OSAGE | As Iowa and other Midwestern states look to improve water quality they will likely do it one watershed at a time.
For Dana Norby and Dean Sponheim, home is the Rock Creek watershed, a 45,000-acre swath of land that feeds into the Cedar River. Rock Creek is one of the watersheds in the state that has organized, seeking grants and is working to help farmers in the area.
“The Iowa Soybean Association spearheaded it, but I’m all for it,” Norby says of the watershed organizing effort. “If we don’t police ourselves (on water quality issues) we’re going to get regulated.”
And while regulation wouldn't be the end of the world, Norby says, it is something he would rather avoid.
Sponheim, who farms with his son, Josh, agrees. But he says the steps toward being a steward of the land really didn't start with a speech or a political push for him. It started with a look at the bottom line.
“I’m an accidental conservationist,” he says with a smile. “I didn't start doing strip-till for conservation reasons . . . I did it to make money.”
But he discovered that, for his farm, the two goals worked together. He could make more money and be more environmentally conscious.
“The hope is that we can do things that are good for the environment and are economically feasible for farmers,” Josh says.
On their farm, that means strip tillage and some no-till acreage. It also means cover crops. For Norby, the ideas are similar. He strip-tills and uses cover crops. Both men also believe in items such as waterways, buffer strips alongside streams, and stream stabilization efforts. They are optimistic the watershed project will lead to the installation of items such as biofilters.
Kari Gardner, Rock Creek watershed project coordinator with the USDA’s Natural Resources Conservation Service in Mitchell County, says the project is an exciting one. The Rock Creek watershed covers almost 45,000 acres, most of it in Mitchell County, although some is in Worth and Floyd Counties. Other than 177 acres owned by the Mitchell County Conservation Board, the area is entirely private land.
The ISA got the ball rolling on the project and has provided some expertise, but it sought guidance from farmers, landowners and many other people, as well as the Mitchell County Soil and Water Conservation District.
You have free articles remaining.
In 2012, the SWCD was awarded a watershed planning and development grant by the Iowa Department of Agriculture. That grant provides a total of about $1 million over five years to be used to develop and encourage conservation practices and to help inform farmers and landowners about things that could be done in the watershed.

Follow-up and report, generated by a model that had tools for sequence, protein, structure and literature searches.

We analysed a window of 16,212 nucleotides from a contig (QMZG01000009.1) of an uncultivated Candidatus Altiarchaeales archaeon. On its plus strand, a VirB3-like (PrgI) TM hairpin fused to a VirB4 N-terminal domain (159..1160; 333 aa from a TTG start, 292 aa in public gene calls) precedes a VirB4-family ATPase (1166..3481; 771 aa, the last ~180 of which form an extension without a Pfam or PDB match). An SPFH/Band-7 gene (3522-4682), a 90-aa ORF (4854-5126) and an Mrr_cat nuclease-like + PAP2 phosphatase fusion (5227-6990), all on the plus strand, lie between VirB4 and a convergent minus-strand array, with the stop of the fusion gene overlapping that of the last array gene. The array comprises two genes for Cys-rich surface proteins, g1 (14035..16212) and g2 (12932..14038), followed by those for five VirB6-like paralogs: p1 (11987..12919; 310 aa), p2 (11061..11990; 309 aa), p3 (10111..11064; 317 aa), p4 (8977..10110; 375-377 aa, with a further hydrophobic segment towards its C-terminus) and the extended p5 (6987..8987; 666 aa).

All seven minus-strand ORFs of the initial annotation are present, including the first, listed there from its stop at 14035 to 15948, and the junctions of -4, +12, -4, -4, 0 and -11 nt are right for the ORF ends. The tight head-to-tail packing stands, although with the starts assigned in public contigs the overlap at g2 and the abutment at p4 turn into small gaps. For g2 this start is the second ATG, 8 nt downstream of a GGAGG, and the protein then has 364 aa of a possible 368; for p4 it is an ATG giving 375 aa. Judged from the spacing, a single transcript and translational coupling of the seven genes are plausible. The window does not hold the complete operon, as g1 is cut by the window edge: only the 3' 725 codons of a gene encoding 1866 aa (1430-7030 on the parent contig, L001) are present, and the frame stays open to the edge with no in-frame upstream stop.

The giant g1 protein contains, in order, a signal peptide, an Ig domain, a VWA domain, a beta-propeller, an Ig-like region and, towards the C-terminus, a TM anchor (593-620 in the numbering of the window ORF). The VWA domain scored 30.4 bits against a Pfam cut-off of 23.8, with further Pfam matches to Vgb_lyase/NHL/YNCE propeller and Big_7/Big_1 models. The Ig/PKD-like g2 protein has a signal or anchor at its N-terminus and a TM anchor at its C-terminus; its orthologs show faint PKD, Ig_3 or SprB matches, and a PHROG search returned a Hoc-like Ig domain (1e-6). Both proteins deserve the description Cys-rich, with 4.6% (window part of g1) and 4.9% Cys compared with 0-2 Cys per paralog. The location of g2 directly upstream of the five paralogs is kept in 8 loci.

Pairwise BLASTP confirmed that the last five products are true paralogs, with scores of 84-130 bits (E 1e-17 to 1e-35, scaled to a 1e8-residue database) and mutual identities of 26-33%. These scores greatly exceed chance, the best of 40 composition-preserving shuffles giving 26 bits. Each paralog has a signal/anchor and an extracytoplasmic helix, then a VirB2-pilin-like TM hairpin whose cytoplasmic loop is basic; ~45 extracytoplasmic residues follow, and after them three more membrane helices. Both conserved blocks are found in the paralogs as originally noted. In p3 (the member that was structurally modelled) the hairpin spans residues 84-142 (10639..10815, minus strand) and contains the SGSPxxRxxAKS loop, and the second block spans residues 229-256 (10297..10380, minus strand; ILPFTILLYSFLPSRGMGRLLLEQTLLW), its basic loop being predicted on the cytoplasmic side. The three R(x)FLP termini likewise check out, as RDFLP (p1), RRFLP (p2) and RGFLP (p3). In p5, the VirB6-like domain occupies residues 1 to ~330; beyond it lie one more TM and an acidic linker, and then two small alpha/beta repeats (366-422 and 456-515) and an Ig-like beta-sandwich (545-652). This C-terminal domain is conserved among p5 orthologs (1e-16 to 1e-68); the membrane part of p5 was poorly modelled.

Organizers developed a set of project goals. Those include: reducing in-stream nitrogen levels by 41 percent from 2009-2011 levels, reducing in-stream phosphorus levels by 29 percent from the 2009-2011 levels, increasing soil organic matter by 1 percent, maintaining or increasing agricultural productivity and revenues, reducing flood risk, maintaining wildlife habitat and maintaining or improving aquatic life.
“It’s not about taking big swaths of land out of production,” says Adam Kiel, state water resources manager with the ISA. “This is a long-term vision.”
That’s one thing that makes it exciting for Norby. Like many farmers in the state, he has watched with interest the lawsuit filed by officials at Des Moines Waterworks against water districts in Northwest Iowa. Officials in Cedar Rapids have been more cooperative in their approach, he says, talking to farmers and trying to come up with solutions for both farmers and the city.
Norby works with two brothers, Randy and Steve. They farm separately but share equipment and labor. Norby says cover crops have been part of his cropping plan since about 2002. Strip tillage is also an important practice.
“We don’t do full-width tillage anymore,” he says.
Those items are ones that make a difference in this part of northern Iowa where the land is relatively flat and wind erosion is often a bigger concern than water erosion. He also applies all nitrogen through side-dress applications and uses relatively low rates. He says the use of cover crops can be important in keeping nitrogen in the field.
Sponheim and his son have a relatively small farm operation, but they do custom strip tillage and fertilizer applications for other farmers. As long-time strip-tillage users they are firm believers in the practice.
“It’s going to take a little bit of time to see how all this works,” Josh says. “But we've got to try different things. There’s no cookie-cutter approach that works.”
Each farm and each watershed will require different approaches, Norby and the Sponheim’s argue. But they think farmers can learn from each other. And they hope the work being done here will help ease the way for improvements in other watersheds.